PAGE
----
Camp Invention at Gateway teaches students balance between creativity, STEM | #education | #technology | #training


Students tapped into their creativity and problem-solving skills as they constructed Astro-Arm devices, created arcade games and built aquatic habitats at Camp Invention, hosted at Gateway High School.

Camp Invention is a nationally recognized nonprofit summer enrichment program on science, technology, engineering and math- based education.

“In the morning we have what we call a base camp, where the kids can do an active participation game that involves either group work or individual work,” said James Pottinger, camp director. “Then we move them to their first module, where they spend an hour and 15 minutes working on the lesson for the day. This way, they have a good balance of physical activity and learning.”

Toward the middle of the day, the campers gather back at base camp, where they participate in camp games. Camp Invention’s program wanted to put an emphasis on the balance between being in the classroom and making sure campers stayed active throughout the week.

The camp consists of three learning modules that the students, ranging from kindergarten to sixth grade, build on throughout the week. Spacecation immerses students into space exploration technology where they learn to build Spacepacks and Astro-Arm devices, mine an asteroid and learn about erupting ice volcanoes.

Campers also learn about physics, engineering and gaming as they design, build and test their own marble arcades.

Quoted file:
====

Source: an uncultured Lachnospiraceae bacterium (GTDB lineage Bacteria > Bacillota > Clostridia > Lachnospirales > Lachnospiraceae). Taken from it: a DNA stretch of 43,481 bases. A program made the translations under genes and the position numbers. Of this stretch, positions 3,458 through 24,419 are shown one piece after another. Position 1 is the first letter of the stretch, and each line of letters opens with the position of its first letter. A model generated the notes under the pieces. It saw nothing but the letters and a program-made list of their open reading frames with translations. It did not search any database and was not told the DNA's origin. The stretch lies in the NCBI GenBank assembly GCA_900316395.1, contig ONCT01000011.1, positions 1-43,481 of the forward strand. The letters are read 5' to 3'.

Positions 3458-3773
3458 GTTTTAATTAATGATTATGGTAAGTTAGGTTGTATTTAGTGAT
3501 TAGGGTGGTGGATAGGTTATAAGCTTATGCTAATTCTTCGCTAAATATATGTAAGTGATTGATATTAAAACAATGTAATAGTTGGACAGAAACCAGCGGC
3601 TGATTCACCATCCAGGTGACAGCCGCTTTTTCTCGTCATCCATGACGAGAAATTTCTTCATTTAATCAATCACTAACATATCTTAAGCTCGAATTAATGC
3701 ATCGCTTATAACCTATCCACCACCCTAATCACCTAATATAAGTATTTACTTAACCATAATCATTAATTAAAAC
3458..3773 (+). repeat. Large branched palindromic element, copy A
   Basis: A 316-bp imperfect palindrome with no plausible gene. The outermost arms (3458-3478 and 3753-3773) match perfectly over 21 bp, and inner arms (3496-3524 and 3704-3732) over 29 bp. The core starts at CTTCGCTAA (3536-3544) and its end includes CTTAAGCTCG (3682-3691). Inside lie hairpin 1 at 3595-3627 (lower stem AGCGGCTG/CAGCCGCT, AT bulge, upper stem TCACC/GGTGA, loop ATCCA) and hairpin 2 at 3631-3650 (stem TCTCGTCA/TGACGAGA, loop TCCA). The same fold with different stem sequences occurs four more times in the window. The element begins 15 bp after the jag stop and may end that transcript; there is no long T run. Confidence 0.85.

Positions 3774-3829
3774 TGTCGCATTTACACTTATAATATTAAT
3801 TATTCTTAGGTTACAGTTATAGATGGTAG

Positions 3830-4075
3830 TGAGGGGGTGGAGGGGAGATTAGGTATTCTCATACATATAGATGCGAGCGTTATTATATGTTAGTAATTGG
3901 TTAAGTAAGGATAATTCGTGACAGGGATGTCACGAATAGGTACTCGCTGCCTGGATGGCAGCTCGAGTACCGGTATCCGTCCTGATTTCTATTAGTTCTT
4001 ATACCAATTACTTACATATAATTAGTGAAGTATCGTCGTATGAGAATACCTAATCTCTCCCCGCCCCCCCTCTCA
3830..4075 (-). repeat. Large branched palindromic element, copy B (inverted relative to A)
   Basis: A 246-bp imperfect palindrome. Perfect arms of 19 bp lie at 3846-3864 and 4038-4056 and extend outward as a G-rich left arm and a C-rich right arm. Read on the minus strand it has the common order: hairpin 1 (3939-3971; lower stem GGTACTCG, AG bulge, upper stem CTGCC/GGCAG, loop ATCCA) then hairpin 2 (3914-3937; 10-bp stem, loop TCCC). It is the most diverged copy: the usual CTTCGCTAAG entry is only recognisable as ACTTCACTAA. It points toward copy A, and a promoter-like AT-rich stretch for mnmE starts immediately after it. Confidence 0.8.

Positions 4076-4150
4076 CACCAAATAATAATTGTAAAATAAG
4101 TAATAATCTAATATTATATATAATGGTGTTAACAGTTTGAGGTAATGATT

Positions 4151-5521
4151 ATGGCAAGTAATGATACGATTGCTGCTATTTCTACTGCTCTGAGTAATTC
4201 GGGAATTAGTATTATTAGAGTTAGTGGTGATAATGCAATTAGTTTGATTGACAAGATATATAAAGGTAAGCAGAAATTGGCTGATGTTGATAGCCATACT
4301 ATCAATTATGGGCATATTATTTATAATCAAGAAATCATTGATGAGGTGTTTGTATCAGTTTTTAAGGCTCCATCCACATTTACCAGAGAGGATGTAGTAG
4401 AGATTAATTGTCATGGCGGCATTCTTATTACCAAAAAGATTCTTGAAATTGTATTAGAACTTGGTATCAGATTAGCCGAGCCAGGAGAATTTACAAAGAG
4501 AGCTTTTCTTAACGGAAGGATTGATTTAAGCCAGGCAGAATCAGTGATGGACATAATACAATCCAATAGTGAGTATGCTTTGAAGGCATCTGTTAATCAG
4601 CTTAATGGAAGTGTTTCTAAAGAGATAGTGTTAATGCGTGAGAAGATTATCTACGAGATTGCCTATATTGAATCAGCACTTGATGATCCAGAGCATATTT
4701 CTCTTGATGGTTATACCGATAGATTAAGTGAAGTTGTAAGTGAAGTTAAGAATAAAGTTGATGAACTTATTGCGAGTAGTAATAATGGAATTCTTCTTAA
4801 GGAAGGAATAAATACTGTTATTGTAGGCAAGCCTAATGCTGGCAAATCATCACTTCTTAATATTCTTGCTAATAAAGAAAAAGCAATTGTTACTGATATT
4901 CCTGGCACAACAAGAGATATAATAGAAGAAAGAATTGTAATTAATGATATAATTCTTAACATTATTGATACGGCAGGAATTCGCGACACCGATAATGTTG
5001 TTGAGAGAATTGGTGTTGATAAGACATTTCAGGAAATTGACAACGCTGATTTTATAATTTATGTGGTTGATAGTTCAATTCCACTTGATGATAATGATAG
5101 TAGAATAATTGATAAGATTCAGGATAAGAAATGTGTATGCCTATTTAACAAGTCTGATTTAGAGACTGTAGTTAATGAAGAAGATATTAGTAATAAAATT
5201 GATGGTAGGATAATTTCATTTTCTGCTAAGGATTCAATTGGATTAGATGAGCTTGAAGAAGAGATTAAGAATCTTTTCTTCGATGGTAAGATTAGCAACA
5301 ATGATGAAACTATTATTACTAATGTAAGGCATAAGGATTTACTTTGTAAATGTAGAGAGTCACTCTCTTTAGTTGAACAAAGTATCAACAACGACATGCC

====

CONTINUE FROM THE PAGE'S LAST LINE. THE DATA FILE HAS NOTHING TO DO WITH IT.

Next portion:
“Marble Arcade is one of the areas where students are learning about levers and angles, and resistance and friction,” said Pottinger. “They get to see those factors directly impact the construction of their arcade game.”

Campers became acquainted with the ocean as they participated in the Robotic Aquatics module. Children explored cutting-edge ocean research while they adopted their own aquatic animals, designed and patented aquatic plants, and built their own aquatic habitats.

“I started out teaching science, and it’s just something that I love to teach,” said Chris Jordan, an instructor running Robotic Aquatics. “This is a great opportunity for me to teach the older kids, and the camp lessons are fabulous because they’re so well laid out and the kids get the most out of it because everything is so organized.”

Students also delved into the technological side of art in The Attic. While learning about how new technology assists creation, campers created their own spin art and saw how thoughts about design translate into technology.

To assist campers with their projects, an equipment closet filled with recycled supplies was open for students to gather what they needed.

The camp also offers an opportunity for students in the Leader in Training Program. Students in sixth through ninth grades train to become counselors at Camp Invention. The next step of the program is the Leadership Intern position, where students in grades 10 through 12 are able to apply as a volunteer counselor and receive 40 community service hours plus a recommendation letter from Camp Invention.

Each module includes a lesson plan that was sent to educators helping with the camp. Plans included supplies for the projects and videos to be used for visual aids. As the children progressed through the camp, each lesson built on itself, and campers were able to watch as their works developed.

At the end of the week, students and parents were able to see how their finished projects came together at a gallery presenting each creation.

Camp Invention occurs annually at multiple locations. Gateway High School has hosted students for the past seven years. For more information about Camp Invention or to enroll in the camp, visit www.invent.org/programs/camp-invention.

Hayley Daugherty is a contributing writer.



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